EU workers in Scotland's social care workforce: contribution assessment

Provides estimated numbers and specific roles of EU staff in Scotland's social care workforce.

1. Introduction

Background to the research

The United Kingdom European Union referendum (or the ‘Brexit’ referendum as it is more commonly known) took place on 23 June 2016. The referendum saw a simple majority of 51.9% voting in favour of leaving the EU. On 29 March 2017 the government initiated the official EU withdrawal process, putting the UK on a course to leave the EU by 30 March 2019.

In the interim, the potential impact of Brexit on the UK workforce has been a prominent theme of political and economic discourse. To date the discussion has focused mainly on those sectors of the economy that are particularly dependent on EU workers, with the NHS being the most obvious example. In its submission to a Health Select Committee Inquiry in late 2016, the Nuffield Trust reported that the UK had been identified in comparative studies over many years as having an "exceptionally high reliance" compared to other developed countries on importing foreign staff in order to meet its needs, with 11 per cent of doctors currently registered with the GMC having qualified within the EEA, and 4 per cent of nurses registered with the NMC having originally trained in the EU. [3]

There has been comparatively less focus on the potential impact of Brexit on the social care sector. Yet this sector may be similarly dependent on migrants from the EU to meet its staffing need. Indeed, a previous estimate suggests that, across the UK, around 6% of staff in the sector are EU nationals [4] . Similarly, a 2017 survey undertaken by Scottish Care (the membership organisation for independent sector social care services) indicated that around 6% of care home workers (and 8% of nurses in care homes) employed by their members were EU27 nationals [5] . Anecdotally, Scottish Care have indicated that in care at home and housing support services, around 8% of workers are EU27 nationals [6] .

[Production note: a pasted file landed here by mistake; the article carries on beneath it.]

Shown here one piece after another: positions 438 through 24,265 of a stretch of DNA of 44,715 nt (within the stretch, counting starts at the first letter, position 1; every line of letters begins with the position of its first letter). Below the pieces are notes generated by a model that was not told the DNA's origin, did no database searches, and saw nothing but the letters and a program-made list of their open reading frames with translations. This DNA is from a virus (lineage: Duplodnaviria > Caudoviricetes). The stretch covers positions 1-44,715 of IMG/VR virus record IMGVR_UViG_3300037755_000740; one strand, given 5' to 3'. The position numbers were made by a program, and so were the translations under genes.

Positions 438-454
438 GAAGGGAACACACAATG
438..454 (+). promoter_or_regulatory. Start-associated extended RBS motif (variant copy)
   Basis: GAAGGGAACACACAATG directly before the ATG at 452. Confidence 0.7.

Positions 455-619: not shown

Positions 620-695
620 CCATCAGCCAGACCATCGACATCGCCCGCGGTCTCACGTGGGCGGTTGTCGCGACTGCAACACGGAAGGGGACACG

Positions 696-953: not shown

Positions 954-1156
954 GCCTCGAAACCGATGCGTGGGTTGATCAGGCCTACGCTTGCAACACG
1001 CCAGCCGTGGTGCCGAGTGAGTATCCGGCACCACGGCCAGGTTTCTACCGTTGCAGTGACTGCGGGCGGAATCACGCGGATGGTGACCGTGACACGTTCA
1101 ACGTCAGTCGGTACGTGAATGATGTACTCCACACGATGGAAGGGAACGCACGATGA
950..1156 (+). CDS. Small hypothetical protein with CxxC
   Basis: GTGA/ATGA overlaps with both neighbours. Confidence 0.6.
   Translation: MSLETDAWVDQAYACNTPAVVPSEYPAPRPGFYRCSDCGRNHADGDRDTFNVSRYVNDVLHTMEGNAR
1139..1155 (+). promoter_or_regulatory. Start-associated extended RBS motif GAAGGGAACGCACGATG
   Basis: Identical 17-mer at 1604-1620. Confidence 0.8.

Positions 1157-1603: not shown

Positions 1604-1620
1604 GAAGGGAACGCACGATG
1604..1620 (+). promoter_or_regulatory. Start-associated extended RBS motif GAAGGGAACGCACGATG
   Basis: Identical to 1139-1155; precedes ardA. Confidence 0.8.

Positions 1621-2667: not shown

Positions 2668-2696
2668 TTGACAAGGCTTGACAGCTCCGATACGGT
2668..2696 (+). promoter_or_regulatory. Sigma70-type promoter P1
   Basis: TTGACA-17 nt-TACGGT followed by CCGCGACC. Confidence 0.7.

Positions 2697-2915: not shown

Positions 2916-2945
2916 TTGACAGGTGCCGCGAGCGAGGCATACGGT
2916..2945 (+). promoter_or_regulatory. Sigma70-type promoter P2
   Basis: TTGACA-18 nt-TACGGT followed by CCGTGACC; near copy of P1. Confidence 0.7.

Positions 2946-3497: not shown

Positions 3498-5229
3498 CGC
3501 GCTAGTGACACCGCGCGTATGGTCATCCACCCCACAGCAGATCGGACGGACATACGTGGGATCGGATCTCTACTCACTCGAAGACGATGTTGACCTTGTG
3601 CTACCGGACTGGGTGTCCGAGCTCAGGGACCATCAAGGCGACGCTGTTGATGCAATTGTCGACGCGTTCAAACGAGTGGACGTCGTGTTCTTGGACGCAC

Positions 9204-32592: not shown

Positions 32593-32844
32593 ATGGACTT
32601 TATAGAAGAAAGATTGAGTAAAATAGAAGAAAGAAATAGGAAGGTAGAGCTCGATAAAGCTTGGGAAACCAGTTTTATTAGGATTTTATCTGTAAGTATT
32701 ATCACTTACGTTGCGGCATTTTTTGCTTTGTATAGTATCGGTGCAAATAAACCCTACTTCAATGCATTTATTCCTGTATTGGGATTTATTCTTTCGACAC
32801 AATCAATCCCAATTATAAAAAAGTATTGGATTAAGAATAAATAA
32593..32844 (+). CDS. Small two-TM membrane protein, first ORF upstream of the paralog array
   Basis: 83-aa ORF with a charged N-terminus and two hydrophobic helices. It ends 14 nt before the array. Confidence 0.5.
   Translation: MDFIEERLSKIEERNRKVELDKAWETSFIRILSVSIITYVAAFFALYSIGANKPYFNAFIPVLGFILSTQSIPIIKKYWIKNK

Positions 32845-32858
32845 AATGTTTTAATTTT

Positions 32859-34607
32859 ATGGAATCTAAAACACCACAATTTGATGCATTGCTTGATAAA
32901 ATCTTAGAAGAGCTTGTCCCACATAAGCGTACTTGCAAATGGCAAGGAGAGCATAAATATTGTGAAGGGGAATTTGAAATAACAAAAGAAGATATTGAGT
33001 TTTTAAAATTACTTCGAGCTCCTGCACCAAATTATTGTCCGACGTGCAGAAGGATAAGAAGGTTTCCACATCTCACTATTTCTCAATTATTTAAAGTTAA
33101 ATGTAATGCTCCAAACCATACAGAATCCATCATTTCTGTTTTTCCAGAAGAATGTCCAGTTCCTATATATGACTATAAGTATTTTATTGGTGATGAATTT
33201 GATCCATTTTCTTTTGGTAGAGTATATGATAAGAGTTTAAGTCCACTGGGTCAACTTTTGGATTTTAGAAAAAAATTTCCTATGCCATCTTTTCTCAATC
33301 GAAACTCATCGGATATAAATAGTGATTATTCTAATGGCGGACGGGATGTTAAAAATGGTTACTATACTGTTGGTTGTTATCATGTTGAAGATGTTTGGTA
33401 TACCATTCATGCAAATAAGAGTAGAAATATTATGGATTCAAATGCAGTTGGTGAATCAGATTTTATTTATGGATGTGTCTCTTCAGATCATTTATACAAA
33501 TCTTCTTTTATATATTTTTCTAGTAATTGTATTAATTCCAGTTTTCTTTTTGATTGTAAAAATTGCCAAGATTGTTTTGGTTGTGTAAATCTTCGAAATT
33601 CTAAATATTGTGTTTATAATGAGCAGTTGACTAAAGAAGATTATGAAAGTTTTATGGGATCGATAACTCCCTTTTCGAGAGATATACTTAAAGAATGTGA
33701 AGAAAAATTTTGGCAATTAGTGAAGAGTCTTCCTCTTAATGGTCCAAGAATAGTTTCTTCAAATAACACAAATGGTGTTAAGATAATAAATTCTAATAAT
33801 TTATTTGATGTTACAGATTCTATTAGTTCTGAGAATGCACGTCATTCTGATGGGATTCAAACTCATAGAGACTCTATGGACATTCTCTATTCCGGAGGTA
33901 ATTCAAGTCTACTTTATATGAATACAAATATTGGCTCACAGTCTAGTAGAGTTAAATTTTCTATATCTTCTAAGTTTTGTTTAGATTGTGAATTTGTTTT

These figures may underestimate to some extent the current contribution of EU nationals to the sector; both because they exclude workers who have been in the UK long-term and acquired British citizenship, and because they are time bound – trend data suggest that UK reliance on EU workers has been rapidly increasing over recent years, at least in part owing to restrictions on migration from outside the EU. The Nuffield Trust paper cited above reported that, "whereas Asian and African countries were the most significant sources of migrant labour around the turn of the millennium, since 2011 Poland and Romania have become the most common countries of origin."

Thus, any changes to residence rights of EU nationals in light of Brexit could have a significant impact on the sustainability of the social care sector, and at a time when it already faces recruitment challenges. Research conducted by Scottish Care in spring 2018 highlighted inter alia a 28% vacancy rate for nurses in social care [7] .

Feeding into these workforce challenges is of course accelerating demand for care services as a consequence of demographic changes and, in particular, the ageing population, alongside funding constraints. Current projections suggest that Scotland’s population will rise to 5.78 million by 2037, and that the number of people aged 65 and over will increase by 59%, from 0.93 million to 1.47 million [8] . A likely corollary of this shift is a growth in the proportion of people with multiple long-term conditions and increasingly complex care needs. Indeed, as the Scottish Government has recently highlighted, the growing prevalence of dementia alone presents a significant challenge in terms of the volume and type of health and social care that is required for the future. The Accounts Commission has recently projected that the number of people in Scotland needing home care will increase by 33% by 2030 and the number of long stay care home residents will increase by 35% [9] .